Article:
What to Know About Epidural Birth

Birth Options

Giving birth can and should be a beautiful experience. But the moment of delivery can be a worry for some women because of the anticipated pain and discomfort.

While many women choose to take an epidural (pain medication) to have a more comfortable delivery, many choose natural births. There is growing fear about the side effects of medicated deliveries and epidurals.

Discuss the options with your doctor or midwife to determine which method is best for you and your child. In the meantime, here are some of the most important points to consider:

When Is an Epidural Used?

What to expect during an epidural |  TheHealthSite.com

An epidural reduces pain in a specific area – i.e. the lower part of the body at birth. Women often choose epidurals. It is also sometimes a medical necessity if there are complications, such as those resulting in a cesarean delivery. An epidural takes about 10 minutes to insert and another 10 to 15 minutes to take effect. It is given through a tube through the spine.


The biggest benefit of an epidural is the potential for a painless delivery. You may still feel contractions, but the pain is significantly reduced. During a vaginal delivery, you are still aware of the birth and can move around.

An epidural is also necessary in a cesarean delivery to prevent a baby from being surgically removed from the womb. General anesthesia is also used in some cases when the mother is not awake during the procedure.

The National Institutes of Health (NIH) also reports a 72 percent increase in the number of cesarean deliveries from 1997 to 2008, which may explain the persistent popularity of the epidural.

While some cesarean deliveries are preferable, most are necessary if a vaginal delivery is not possible. Vaginal birth after cesarean section is possible but not possible for all women.


Some risk factors of an epidural include:

  • backache and pain
  • headaches
  • persistent bleeding (from the puncture site)
  • fire
  • breathing difficulties
  • A drop in blood pressure, which can slow the baby’s heart rate

While such risks do exist, it is important to note that they are considered rare.

The inability of mothers to feel all the elements of birth with an epidural can also lead to a host of other problems, such as the increased risk of tearing during vaginal delivery.

The risks associated with a cesarean delivery need not be related to an epidural. Unlike natural births, these are surgeries, so recovery times are longer and there is a risk of infection. Cesarean deliveries are also linked to greater risk. These conditions are like childhood chronic diseases (including type 1 diabetes, asthma, and obesity).

What Is a ‘Normal Birth’?

The term “normal delivery” is often used to describe a drug-free vaginal delivery. It is also sometimes used to distinguish between a vaginal birth and a cesarean delivery.


Normal deliveries have grown in popularity due to concerns that epidurals might interfere with natural body responses to labor and delivery.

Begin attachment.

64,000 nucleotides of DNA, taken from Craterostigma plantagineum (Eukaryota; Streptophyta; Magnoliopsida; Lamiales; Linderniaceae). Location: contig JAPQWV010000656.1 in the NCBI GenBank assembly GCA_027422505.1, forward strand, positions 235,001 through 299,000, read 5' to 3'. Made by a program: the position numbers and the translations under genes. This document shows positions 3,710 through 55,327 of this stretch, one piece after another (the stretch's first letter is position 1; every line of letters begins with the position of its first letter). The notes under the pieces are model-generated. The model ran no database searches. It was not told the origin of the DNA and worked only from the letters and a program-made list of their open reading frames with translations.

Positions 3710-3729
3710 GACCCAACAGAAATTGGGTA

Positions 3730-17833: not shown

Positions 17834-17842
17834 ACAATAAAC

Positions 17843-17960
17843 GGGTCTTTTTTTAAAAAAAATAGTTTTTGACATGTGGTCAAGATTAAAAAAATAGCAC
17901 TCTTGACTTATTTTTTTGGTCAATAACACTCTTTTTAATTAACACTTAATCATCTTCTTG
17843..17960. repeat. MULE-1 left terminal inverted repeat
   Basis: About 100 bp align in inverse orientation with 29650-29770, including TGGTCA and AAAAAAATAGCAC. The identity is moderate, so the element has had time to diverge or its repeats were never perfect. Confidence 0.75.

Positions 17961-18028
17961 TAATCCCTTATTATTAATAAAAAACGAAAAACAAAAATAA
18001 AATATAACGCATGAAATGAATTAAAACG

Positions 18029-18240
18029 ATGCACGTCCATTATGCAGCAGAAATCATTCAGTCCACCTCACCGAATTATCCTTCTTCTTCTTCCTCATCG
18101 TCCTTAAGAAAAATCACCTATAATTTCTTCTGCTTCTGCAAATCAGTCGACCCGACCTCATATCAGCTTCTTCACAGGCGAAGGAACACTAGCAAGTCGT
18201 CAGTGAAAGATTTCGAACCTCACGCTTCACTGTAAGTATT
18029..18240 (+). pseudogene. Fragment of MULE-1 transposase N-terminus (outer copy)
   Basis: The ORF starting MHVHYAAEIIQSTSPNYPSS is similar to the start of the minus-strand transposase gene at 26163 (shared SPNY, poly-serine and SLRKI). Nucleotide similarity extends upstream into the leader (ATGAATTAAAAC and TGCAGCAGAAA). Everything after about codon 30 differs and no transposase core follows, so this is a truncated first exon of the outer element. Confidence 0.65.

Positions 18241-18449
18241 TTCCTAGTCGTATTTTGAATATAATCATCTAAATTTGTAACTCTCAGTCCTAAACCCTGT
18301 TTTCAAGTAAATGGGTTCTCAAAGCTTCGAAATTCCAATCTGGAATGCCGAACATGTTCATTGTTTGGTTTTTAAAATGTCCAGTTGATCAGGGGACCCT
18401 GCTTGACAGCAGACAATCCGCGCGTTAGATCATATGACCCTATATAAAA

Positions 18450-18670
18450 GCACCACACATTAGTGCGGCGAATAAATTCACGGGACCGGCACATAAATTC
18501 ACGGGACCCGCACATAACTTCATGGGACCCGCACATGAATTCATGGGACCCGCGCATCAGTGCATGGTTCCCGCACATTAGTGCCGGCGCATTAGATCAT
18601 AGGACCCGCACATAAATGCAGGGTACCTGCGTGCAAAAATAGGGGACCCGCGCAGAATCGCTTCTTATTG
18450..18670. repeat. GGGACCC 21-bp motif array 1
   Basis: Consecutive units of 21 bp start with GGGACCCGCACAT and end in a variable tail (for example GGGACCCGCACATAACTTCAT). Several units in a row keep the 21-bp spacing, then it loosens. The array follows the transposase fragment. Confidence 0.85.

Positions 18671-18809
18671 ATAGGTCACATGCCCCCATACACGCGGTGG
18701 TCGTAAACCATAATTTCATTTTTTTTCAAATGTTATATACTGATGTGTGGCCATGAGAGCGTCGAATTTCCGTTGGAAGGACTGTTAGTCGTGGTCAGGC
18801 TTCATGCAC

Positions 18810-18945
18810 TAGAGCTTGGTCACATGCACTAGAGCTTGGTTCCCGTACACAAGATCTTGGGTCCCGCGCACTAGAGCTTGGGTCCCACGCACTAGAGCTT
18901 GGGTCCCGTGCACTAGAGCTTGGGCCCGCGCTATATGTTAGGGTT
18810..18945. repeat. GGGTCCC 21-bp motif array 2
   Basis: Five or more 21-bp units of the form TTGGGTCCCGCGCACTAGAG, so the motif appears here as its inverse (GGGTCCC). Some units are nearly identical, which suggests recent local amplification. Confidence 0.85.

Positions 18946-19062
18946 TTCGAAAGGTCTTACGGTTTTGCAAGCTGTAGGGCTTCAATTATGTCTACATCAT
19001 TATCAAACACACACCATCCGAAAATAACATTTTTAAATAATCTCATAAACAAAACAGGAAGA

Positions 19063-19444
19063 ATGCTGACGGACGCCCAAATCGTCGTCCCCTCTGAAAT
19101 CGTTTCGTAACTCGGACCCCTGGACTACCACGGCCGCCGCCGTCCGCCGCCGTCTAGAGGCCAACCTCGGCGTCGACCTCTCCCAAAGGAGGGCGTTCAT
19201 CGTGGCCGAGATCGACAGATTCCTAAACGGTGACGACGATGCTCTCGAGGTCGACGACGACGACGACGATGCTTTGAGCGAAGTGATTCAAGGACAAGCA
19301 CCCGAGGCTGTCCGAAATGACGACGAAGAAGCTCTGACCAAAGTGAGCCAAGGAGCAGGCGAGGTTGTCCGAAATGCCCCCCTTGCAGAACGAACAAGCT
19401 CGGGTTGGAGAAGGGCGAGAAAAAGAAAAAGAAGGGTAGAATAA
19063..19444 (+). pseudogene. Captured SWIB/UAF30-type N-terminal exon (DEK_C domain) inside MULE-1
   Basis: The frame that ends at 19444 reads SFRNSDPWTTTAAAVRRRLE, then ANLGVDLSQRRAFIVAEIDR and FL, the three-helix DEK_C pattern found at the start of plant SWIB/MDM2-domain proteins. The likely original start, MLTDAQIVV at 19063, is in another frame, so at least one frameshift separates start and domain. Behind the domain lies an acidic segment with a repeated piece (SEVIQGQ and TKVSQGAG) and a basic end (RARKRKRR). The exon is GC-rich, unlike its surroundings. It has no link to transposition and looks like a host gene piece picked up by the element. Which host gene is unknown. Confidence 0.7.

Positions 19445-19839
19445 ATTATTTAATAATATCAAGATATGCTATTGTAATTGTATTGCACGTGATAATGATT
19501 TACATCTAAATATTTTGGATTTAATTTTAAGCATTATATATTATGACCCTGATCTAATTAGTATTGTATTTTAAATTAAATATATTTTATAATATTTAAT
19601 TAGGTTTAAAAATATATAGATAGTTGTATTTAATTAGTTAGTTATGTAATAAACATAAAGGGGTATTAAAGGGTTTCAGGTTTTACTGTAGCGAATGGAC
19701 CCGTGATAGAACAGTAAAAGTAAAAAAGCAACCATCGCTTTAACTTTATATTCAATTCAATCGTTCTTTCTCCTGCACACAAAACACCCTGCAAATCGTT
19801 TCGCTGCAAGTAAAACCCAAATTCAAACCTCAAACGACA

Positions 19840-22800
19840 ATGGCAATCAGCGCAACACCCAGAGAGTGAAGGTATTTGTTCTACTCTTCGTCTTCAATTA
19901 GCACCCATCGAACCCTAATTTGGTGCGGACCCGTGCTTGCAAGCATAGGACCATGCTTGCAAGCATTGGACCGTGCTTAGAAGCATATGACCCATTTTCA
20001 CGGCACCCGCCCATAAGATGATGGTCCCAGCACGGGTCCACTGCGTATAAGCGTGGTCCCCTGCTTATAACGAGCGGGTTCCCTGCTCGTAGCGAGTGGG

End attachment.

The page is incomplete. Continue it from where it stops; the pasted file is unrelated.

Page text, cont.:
“Women want to be able to walk around without a machine, they want to stay at home as long as possible before going to the hospital, they don’t want to be disturbed or over-monitored, or they want to do a lot of cervical checks (if any) and use vibration to make immediate and uninterrupted skin contact with their newborn and cut the cord. They want to wait until they stop. ”

Mothers have the right to choose normal birth in hospitals.


There are several serious risks associated with normal births. Risks usually arise if the mother has a medical problem or if a problem is preventing the baby from passing naturally through the birth canal.

Other concerns about vaginal delivery include:

  • fluids in the perineum (the area behind the vaginal wall)
  • increased pain
  • hemorrhoids
  • bowel problems
  • incontinence
  • psychological trauma


It is important to be prepared for the risks of normal delivery. Mothers may consider calling the midwife to their home or completing the delivery process in the hospital.

10 Tips for Creating a Successful Natural Birth Plan |  Parents

Birth education classes help prepare you for what to expect. This provides a safety net should any complications arise.

Non-medical methods used for labor and delivery convenience may include:

  • massage
  • acupressure
  • taking a warm bath or applying a hot press
  • breathing techniques
  • frequent position changes to compensate for pelvic bone changes


Due to the complexity of the birthing process, there is no one-size-fits-all method. According to the Office of Women’s Health, here are a few of the factors doctors and midwives consider when making recommendations:

  • mother’s general health and emotional well-being
  • the size of the mother’s pelvis
  • maternal pain tolerance level
  • intensity level of contractions
  • the size or position of the baby

It’s best to understand all your options and know when you might need medication to ensure your baby can enter the world without any problems.

Healthline, Natural vs. Epidural: What to Expect, 2018


  • Blustein J, et al. (2015). Time to consider the risks of caesarean delivery for long term child health.
  • Labor and birth: managing labor pain. (2018).
  • Mayer D, et al. (n.d.). Epidural analgesia for pain relief in labor: Frequently asked questions.
  • Medications for pain relief during labor and delivery. (2017).
  • Ranganathan P, et al. (2016). Chronic headache and backache are long-term squeal of unintentional dural puncture in the obstetric population.
  • Shea A. (2015). Personal interview.
  • Vaginal birth and cesarean birth: How do the risks compare? (2016).
  • What is a cesarean delivery? (2017).

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